The future of Reading’s famous football club hangs in the balance after being hit with a crisis after crisis over the past four years.

But where did it all go wrong and why should people in Reading, who don’t care about football, be concerned about it’s future

Here our sports reporter James Earnshaw explains the complicated situation in detail. 

READ MORE: Reading FC stakeholders who take blame for mismanagement

Q: What’s happening and why people should care?

A: In simple terms, the club's future is as uncertain as it has been for a generation. The club's owner, Dai Yongge, has overseen six years of regression from the brink of the Premier League into the third tier for the first time since 2001, all marred by financial irregularity and off-field issues. The club have been hit with charges for failing to pay their staff on time three times in the last 10 months- with the club having until today [June 29] to respond, while His Majesty's Revenue and Customs have lodged a winding up petition to the High Court for tax related issues.

Why should you care? As the largest town in the country, the Royals bring a sense of pride and belonging to the local community. Hundreds of residents are employed by the club and will be fearing their purses when pay day comes along. The oldest professional club in the south of England, over 151 years old, is an integral part of the community. It needs to be preserved for generations to come.

Reading Chronicle:

Q: What is the situation at Reading FC club in a sentence?  

A: The most uncertain and worrying time in the club's modern history.

Q: Is Reading at risk of closing for good? 

A: A difficult question to fully answer at this early stage, whenever a winding up petition is lodged there is an increased risk. Also worth noting that both of the current owner's previous clubs, one in China and one in Belgium, were closed for good under his stewardship.

Q: Who is responsible for this situation? And who is holding them to account?

A: The million dollar question. For the best part of a decade what was once a well-run and admired club has been reduced to a laughing stock with constant financial irregularities and poor on field performances.

Owner Dai Yongge is the target of fan anger, with other members of the hierarchym such as the CEO, being targeted.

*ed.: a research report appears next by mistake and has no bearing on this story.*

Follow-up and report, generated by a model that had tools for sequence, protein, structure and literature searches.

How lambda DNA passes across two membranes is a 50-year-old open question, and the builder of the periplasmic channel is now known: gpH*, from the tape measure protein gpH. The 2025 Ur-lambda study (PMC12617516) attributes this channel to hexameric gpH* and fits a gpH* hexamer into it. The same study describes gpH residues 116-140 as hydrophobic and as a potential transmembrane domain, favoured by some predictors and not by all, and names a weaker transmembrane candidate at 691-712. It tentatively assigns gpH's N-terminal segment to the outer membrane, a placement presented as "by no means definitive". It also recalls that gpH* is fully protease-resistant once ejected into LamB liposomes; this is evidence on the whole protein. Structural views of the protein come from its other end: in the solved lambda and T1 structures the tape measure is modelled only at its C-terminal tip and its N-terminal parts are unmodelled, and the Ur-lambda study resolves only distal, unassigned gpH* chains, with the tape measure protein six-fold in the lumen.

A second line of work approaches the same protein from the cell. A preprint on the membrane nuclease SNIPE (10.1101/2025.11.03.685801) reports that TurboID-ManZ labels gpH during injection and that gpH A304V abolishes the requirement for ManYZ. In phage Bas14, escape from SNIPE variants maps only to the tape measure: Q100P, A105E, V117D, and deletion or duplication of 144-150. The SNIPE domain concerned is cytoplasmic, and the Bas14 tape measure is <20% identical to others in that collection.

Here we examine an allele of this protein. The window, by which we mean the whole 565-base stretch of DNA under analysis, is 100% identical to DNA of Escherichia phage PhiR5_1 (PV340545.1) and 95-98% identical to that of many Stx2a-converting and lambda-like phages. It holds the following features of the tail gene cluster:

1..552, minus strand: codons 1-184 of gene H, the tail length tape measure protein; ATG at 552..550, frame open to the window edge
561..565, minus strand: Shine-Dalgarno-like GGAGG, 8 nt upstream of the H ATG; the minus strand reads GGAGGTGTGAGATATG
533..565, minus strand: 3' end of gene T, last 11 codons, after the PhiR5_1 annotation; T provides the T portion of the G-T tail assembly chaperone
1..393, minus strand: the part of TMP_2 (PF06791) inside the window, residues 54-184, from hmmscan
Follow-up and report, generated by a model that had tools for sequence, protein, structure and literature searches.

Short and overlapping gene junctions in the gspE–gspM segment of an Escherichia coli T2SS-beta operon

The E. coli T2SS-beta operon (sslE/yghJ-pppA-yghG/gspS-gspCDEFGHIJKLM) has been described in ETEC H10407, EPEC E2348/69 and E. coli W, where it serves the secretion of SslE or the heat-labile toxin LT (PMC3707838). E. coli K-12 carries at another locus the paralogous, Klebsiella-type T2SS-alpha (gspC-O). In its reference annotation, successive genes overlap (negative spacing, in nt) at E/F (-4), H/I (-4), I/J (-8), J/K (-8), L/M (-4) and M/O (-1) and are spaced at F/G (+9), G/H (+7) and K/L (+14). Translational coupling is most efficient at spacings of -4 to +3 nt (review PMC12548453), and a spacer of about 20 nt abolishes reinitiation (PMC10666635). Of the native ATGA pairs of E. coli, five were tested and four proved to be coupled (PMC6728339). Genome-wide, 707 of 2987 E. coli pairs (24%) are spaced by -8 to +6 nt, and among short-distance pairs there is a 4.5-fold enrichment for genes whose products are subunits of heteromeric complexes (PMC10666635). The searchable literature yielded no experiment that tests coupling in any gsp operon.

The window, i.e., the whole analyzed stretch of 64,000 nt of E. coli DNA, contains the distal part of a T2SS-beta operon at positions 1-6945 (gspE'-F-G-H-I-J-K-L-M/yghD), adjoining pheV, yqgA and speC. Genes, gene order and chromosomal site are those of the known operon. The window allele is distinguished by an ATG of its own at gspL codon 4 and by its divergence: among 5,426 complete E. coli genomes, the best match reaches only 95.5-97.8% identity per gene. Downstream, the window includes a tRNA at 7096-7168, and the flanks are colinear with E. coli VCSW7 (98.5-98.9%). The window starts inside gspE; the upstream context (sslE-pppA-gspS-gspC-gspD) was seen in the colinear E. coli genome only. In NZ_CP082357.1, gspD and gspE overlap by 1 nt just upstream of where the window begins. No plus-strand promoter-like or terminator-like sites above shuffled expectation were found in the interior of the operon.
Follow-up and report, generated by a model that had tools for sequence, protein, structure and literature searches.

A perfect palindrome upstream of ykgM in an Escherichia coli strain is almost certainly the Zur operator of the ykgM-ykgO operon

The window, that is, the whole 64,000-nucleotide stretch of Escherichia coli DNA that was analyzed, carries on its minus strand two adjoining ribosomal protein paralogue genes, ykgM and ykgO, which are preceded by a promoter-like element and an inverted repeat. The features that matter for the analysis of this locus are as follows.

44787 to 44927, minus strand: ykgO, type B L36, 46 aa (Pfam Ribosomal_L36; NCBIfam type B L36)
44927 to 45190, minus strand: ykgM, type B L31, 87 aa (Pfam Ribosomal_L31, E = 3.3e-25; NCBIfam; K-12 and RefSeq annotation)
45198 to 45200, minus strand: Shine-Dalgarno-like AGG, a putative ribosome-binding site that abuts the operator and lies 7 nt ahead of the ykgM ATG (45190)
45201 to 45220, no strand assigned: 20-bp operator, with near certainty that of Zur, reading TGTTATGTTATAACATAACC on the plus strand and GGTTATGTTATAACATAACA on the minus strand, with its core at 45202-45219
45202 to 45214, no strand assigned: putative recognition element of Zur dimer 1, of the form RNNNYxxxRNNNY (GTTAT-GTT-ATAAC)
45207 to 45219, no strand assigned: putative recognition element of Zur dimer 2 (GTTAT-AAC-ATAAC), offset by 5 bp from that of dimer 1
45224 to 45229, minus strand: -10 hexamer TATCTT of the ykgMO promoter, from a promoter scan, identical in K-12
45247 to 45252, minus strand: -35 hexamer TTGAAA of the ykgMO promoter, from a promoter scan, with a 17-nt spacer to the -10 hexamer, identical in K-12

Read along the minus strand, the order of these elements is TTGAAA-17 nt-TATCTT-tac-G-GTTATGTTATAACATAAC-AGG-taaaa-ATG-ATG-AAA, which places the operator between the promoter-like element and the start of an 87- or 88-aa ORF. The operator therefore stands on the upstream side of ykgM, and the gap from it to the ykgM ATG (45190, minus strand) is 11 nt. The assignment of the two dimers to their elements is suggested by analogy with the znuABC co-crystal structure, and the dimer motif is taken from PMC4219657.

Q: If the club goes under, what would happen next?  

A: The absolute worst-case scenario, and one which is still a way off yet, is that it ceases to exit. There will be no Reading Football Club. But, and I must stress, this is still not the only outcome.

Q: Some people say the stadium could be at risk of development. Is this true? How would that happen?  

A: This would be correct. Dai Yongge sold the SCL Stadium to himself as a way of getting around Financial Fair Play regulations and allow the club to spend more on transfers. 

Now an asset of Mr Yongge, who receives rent from the Football Club to play at the stadium, he can do what he sees fit.

Q: What is being done to take a stand against the situation at Reading? 

A: More than 3,000 supporters have signed up to the 'Sell Before We Dai' campaign- a fan-lead protest group.

Supporter Trust at Reading [STAR], The Tilehurst End, Elm Park Royals and Proud Royals are regularly working with media outlets to raise awareness of the issues facing the club and taking action to fight for the club.

Q: What would be the best possible outcome for Reading in this scenario? Is there any coming back from this?

A: There are still plenty of ways out for the club. The fan protest group are calling for the owner to sell up and hand the reigns over to someone else, while administration has hit the likes of Wigan Athletic and Derby County in recent seasons.


The Reading Chronicle will bring you all the latest news from Reading Football Club as not only the off-field issues rumble on, but the pre-season gets under way ahead of the 2023/24 campaign.